If you commute to work every day, the thought might cross your mind on the morning you're running a half-hour late and idling at yet another red light, only to realize that the lady with the walker has overtaken you. Or it might be while you're on a Green Line train, someone's wet umbrella jammed into your back, waiting out the latest "temporary delay" so you can resume your noisy, swervy ride. You're uncomfortable, you're antsy, and you have to wonder: wouldn’t this be better if I were on a bike?
For a devoted population of city bikers, the answer is a resounding "Hell, yes." Sure, as a driver or pedestrian you might occasionally curse those maniacs on two wheels. But don't you often wish that you, too, could squeeze in between a long line of stopped cars? That your commuting frustrations could be quelled by endorphins?
If you're finally ready to trade in your Charlie ticket for a bike helmet and hit the roads on a two-wheeler, you should make sure you're prepared. It's bad enough getting cut off on Comm Ave in your car, but if it happens on a bicycle, it could be fatal. So here are some tips from expert urban rider Mike Budka on how to bike around Boston safely and efficiently. Budka has been biking here for about two decades, first as a student at the Berklee School of Music, then as a bike messenger, and later as a commuter. He now operates a bike repair shop, fittingly called Mike's Bike Repair, from his home in Woburn.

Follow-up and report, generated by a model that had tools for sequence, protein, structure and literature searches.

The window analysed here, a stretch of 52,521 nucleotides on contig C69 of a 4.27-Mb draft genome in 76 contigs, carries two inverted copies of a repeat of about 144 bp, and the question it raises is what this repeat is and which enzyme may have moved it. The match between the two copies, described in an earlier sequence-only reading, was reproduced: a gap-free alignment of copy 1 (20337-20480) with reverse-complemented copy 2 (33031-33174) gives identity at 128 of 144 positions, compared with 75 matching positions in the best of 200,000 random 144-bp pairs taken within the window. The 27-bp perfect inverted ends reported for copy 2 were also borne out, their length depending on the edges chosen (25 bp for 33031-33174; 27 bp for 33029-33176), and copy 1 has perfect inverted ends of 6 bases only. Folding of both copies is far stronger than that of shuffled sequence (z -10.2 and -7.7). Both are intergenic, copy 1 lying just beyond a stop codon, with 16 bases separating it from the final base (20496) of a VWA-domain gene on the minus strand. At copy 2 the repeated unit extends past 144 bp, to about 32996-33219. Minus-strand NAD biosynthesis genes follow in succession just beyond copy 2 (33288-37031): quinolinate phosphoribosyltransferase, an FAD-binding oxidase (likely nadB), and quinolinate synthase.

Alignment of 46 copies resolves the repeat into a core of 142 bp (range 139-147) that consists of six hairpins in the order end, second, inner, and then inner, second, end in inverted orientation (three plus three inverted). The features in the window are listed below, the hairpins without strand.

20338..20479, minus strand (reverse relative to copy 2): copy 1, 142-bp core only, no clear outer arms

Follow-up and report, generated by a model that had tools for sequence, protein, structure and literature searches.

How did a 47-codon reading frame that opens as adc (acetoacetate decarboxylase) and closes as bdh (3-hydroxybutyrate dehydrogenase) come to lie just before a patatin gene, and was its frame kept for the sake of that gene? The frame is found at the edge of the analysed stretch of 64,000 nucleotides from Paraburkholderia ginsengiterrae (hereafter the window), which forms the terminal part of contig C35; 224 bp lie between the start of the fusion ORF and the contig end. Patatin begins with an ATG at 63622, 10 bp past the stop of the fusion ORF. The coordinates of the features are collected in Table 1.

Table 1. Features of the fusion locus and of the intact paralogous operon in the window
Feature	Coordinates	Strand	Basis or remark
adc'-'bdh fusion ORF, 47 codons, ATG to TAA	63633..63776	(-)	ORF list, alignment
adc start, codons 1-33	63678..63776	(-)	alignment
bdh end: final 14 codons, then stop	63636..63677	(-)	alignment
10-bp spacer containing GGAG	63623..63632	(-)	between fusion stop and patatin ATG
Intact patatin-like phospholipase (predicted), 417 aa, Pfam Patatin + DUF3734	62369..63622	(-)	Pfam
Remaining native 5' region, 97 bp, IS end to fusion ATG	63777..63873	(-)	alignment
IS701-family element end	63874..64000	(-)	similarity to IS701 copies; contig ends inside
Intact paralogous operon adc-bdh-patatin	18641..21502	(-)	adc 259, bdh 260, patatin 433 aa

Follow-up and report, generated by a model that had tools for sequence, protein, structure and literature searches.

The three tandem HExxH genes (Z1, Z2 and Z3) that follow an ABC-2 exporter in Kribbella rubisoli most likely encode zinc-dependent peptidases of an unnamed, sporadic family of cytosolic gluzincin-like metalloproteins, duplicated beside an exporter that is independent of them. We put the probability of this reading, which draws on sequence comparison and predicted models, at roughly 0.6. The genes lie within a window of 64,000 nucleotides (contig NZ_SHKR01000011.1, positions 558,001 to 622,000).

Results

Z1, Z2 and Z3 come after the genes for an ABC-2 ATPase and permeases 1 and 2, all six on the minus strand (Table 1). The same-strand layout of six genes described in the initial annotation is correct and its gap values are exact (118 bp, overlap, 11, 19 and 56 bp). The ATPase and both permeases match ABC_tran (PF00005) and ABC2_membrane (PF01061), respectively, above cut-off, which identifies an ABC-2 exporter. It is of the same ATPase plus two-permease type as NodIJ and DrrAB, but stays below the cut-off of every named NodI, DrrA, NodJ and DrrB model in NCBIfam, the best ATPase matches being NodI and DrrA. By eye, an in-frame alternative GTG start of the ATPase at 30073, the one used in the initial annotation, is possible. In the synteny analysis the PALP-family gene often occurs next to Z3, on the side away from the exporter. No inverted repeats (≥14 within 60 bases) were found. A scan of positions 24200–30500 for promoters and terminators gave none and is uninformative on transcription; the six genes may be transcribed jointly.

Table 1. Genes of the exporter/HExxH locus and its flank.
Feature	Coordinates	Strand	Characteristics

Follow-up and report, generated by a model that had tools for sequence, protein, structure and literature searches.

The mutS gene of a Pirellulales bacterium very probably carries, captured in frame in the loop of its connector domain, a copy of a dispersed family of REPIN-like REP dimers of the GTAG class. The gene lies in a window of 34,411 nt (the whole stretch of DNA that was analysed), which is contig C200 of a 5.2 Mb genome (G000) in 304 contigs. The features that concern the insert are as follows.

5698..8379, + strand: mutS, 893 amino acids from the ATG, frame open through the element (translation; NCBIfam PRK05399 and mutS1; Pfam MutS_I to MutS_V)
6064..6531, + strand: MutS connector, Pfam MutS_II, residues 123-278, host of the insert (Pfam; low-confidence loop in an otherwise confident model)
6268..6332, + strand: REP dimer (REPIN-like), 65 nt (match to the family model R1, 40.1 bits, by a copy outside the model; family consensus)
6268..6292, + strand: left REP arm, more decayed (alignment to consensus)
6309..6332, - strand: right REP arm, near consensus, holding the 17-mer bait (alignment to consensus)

Realizing the risks
There is no shortage of hazards for urban bikers, and any one of them could send you flying. Cars may be huge and lethal, but as Budka points out, at least they're fairly predictable — they're on the road and they have to stay there. Pedestrians, on the other hand, are loose cannons: "They're everywhere!" Budka says. "They behave as if they're entitled to walk wherever they want without paying attention, which is annoying as all get out." So even if they're not looking for you, make sure you're looking for them.
Inanimate objects can be dangerous as well. While looking around for reckless pedestrians, don't forget to keep an eye on the road itself: potholes or steel plates can be avoided, but only if you see them coming.
And then there are the deadly doors. Budka's been "doored" a couple times, and he's been lucky not to get too hurt. He's heard stories, though, of people being impaled on doors and dying. Not a pretty thought. That's why you want to stay far enough away from parked cars. It's also smart, Budka says, to peek in the back windows of cars as you go, to see if there are any oblivious people in the drivers' seats about open their doors into your path.
As Budka told his oldest son before he set off on a bike messenger career of his own, "Just behave as if everyone's trying to kill you, and you'll be fine."